Twelfth graders compare and contrast the work of Malcolm X and Martin Luther King, Jr. In this racism instructional activity, 12th graders read The Autobiography of Malcolm X and discuss how Malcolm X and Martin Luther King, Jr. approached ending racism.
Identify literary devices (alliteration, repetition, allusion, etc.) that Dr. Martin Luther King, Jr. used in his "I Have a Dream" speech. Middle schoolers go on to identify the literarcy devices Malcolm X used in "The Ballot or the Bullet?" and analyze the effectiveness of the literary devices used in these speeches. Use this lesson to compare text structures within a genre.
Eleventh graders study Malcolm X and black power. In this African American lesson, 11th graders write a journal entry about black power and create a timeline of the events during the civil right movement.
Compare and contrast the ideologies of Malcolm X and Martin Luther King, Jr. Middle schoolers conduct research regarding civil rights and rhetorical strategies used in political speechs. They examine the strategies that both men employed to fight injustice. The resource includes web links, photos, and handouts.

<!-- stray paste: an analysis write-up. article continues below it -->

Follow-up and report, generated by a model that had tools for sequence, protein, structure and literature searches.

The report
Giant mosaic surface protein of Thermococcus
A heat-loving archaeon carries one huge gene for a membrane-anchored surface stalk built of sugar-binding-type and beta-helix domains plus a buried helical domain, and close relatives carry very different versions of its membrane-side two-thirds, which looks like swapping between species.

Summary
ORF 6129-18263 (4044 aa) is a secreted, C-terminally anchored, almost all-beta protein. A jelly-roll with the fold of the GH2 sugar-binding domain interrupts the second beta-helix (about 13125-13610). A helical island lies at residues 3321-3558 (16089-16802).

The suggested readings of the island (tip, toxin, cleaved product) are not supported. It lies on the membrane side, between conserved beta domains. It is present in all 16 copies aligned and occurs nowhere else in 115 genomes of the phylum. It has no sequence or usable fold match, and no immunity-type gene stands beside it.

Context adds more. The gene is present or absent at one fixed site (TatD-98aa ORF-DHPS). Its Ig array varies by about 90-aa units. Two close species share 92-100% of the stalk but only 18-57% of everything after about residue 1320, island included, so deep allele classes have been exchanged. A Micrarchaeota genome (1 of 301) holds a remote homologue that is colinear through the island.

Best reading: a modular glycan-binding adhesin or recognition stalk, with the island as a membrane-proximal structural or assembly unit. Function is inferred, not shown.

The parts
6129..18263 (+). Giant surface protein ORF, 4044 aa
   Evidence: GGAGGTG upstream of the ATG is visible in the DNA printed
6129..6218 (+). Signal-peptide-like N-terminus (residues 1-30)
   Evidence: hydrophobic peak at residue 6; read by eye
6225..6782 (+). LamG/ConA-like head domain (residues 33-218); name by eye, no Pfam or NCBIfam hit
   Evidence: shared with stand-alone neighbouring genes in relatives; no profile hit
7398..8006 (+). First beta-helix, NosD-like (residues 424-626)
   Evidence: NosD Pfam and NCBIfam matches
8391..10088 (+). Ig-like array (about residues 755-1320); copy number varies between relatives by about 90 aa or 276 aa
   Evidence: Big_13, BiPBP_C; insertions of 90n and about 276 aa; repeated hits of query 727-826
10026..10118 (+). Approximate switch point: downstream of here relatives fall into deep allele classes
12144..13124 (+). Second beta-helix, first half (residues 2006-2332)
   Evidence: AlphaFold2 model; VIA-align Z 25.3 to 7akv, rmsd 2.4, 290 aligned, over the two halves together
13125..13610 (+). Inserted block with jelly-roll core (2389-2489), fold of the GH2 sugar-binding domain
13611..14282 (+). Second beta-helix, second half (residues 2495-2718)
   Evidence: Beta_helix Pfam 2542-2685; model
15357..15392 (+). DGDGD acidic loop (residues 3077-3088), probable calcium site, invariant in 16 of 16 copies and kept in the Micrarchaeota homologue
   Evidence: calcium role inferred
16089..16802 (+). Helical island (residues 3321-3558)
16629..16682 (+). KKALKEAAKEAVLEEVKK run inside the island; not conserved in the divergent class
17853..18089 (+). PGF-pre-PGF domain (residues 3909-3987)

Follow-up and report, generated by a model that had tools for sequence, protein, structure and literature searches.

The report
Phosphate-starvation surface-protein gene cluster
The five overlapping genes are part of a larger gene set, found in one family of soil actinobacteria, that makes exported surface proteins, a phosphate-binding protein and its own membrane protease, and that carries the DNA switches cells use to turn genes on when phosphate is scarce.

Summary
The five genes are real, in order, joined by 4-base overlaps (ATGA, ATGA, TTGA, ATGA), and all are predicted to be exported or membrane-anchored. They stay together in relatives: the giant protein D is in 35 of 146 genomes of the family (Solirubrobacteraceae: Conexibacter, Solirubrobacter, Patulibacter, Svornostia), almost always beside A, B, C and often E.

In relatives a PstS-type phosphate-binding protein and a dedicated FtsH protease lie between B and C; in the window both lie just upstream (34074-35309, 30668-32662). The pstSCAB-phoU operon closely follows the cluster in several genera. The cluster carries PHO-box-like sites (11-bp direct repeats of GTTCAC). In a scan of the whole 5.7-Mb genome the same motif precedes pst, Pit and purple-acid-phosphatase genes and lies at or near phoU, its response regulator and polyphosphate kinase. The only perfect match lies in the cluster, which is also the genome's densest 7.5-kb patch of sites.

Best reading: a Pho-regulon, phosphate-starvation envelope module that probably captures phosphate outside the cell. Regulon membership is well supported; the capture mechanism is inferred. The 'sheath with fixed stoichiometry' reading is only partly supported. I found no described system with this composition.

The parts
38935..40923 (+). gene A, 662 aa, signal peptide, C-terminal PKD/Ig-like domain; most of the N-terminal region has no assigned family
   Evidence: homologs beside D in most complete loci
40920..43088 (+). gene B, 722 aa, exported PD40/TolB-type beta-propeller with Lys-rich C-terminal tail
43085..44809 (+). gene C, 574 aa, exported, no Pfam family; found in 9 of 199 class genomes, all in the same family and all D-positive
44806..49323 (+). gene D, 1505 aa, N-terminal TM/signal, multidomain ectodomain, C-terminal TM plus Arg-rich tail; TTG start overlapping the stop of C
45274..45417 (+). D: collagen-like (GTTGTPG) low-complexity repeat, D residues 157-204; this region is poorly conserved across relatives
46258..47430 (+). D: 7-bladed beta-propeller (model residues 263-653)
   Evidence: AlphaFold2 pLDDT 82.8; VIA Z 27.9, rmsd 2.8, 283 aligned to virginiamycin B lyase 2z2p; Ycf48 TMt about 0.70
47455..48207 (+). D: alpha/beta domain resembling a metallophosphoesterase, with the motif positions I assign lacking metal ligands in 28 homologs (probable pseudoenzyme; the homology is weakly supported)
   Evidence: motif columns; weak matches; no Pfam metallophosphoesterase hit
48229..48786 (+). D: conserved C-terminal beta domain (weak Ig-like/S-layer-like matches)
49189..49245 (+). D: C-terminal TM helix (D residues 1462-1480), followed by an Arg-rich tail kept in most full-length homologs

Students are introduced to the goals of abolitionists throughout history. In groups, they use the internet to discover the purpose of the Underground Railroad and why there were bus boycotts in the 1960s. They compare and contrast the messages of King, Jr. and Malcolm X to end the lesson plan.
Reflect upon the poetry of the Harlem Renaissance by looking at some of Langston Hughes' works. "I, Too" and "American Heartbreak" are mentioned, as well as work by Malcolm X and Smokey Robinson. Specific questions help guide discussion and reading of the poems. The lesson format is a bit jumbled, but the questions offer good direction.
Pupils summarize the major events of the Civil Rights Movement. They examine leaders such as Martin Luther King, Jr. and Malcolm X and what they did for the movement. They also listen to music from the Civil Rights Era and their functions.